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Painting Wood Shutters

A Few Tips on How to Paint Wood Shutters

By Mark J. Donovan

If you have a home that has wood shutters, then you will most likely need to paint them when painting your home. The best way to paint wood shutters is to remove them from the house and paint them on the ground. In the end you will save time and obtain a better finished product, than trying to paint them while they are still fastened to the house.

 

Cleaning Wood Shutters Prior to Painting

 

Recently I had to paint wood shutters. The first thing I did after taking them down was lay them out on my driveway and clean them with a pressure washer.

 

I used a house siding detergent and power washed all six sides of each wood shutter.

 

Creating a Painting Work Station

 

After allowing the wood shutters to fully dry out, I then created a mini painting factory in my garage. I first laid out drop clothes over the garage floor. I then placed two large work horses in one bay of the garage for actually painting the wood shutters. Finally I stretched out an old ladder in the other garage bay to lay painted shutters on to dry.

 

Painting the Wood Shutters

 

It is important to make sure when painting wood shutters to paint all 6 sides of the shutters to prevent water from penetrating into the back of the non-exposed sides.

 

For paint, I used an exterior water based paint that included an additive to prevent mildew.  For a paint brush, I used a 2.5 angular Purdy paint brush.

 

To actually paint the shutters, I started out by first painting around the top and bottom rails, followed by the divider rail and then the side stiles.

 

I then moved on to painting the fixed louvers. I found it to be quicker to start at the top of the shutter louvers and work downwards with the paint brush. I initially focused on applying paint to the main surface area of all the louvers. I then went back and inserted the paint brush in-between each space between adjacent louvers. This way I was able to use some of the paint on the main surface area of each louver to help supply paint to the corners of the specific louver and stile edges.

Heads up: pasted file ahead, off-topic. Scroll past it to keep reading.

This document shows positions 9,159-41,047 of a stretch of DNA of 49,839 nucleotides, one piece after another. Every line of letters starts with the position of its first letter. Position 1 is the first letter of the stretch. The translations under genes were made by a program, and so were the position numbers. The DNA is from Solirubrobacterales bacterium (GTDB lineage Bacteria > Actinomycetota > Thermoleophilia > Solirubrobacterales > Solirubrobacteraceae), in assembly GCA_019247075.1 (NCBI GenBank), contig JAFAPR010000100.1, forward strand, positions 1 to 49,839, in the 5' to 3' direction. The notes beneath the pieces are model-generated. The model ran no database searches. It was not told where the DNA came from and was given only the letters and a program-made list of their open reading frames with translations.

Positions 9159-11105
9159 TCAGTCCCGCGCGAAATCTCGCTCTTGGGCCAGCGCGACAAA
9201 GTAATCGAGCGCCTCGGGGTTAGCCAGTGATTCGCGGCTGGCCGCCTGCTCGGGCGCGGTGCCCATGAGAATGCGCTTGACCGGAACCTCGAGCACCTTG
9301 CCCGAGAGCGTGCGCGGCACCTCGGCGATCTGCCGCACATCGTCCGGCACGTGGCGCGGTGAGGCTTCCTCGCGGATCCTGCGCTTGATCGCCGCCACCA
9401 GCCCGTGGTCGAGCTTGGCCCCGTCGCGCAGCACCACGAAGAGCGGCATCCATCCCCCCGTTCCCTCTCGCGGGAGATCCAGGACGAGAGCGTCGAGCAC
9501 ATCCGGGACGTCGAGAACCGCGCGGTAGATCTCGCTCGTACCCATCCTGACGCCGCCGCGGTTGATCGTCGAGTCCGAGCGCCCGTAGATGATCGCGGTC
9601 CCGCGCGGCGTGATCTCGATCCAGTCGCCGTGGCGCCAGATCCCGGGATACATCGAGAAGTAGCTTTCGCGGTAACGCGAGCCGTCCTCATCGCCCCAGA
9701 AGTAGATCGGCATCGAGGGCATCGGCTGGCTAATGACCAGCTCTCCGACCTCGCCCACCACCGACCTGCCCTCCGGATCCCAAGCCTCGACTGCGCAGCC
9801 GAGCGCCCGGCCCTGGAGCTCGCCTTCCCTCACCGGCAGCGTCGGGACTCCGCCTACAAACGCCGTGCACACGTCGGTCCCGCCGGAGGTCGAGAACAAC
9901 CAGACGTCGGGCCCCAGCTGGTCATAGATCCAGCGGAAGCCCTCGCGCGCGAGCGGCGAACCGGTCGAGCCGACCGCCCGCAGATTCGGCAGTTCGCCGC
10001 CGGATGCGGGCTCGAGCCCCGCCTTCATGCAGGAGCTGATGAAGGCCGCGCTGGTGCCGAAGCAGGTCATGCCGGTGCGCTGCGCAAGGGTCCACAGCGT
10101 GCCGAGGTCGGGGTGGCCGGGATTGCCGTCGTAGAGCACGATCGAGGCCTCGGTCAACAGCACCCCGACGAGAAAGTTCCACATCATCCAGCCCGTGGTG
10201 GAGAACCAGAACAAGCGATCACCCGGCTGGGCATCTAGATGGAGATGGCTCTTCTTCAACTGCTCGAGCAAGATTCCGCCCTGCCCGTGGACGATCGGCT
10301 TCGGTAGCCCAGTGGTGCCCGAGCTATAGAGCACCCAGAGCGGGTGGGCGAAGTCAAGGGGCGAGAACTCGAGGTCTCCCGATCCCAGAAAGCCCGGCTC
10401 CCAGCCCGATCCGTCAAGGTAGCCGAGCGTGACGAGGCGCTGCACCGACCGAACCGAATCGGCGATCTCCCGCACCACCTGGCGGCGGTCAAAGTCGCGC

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I then applied paint to the sides of the wood shutter and placed the shutter on my ladder to dry.

 

After painting all of the wood shutters and allowing them to fully dry, I went back and painted the back sides of the shutters in the same way.


Once I completed painting the house clapboards I re-hung the wood shutters. The result was a much faster and more professional paint job. If I had left the shutters on the house to paint, I would have certainly spent an inordinate amount of time cutting around each shutter and inevitably doing a poor job.

 

Painting wood shutters with a Purdy paint brush

Painted wood shutters mounted back on house.

Photos by Mark Donovan

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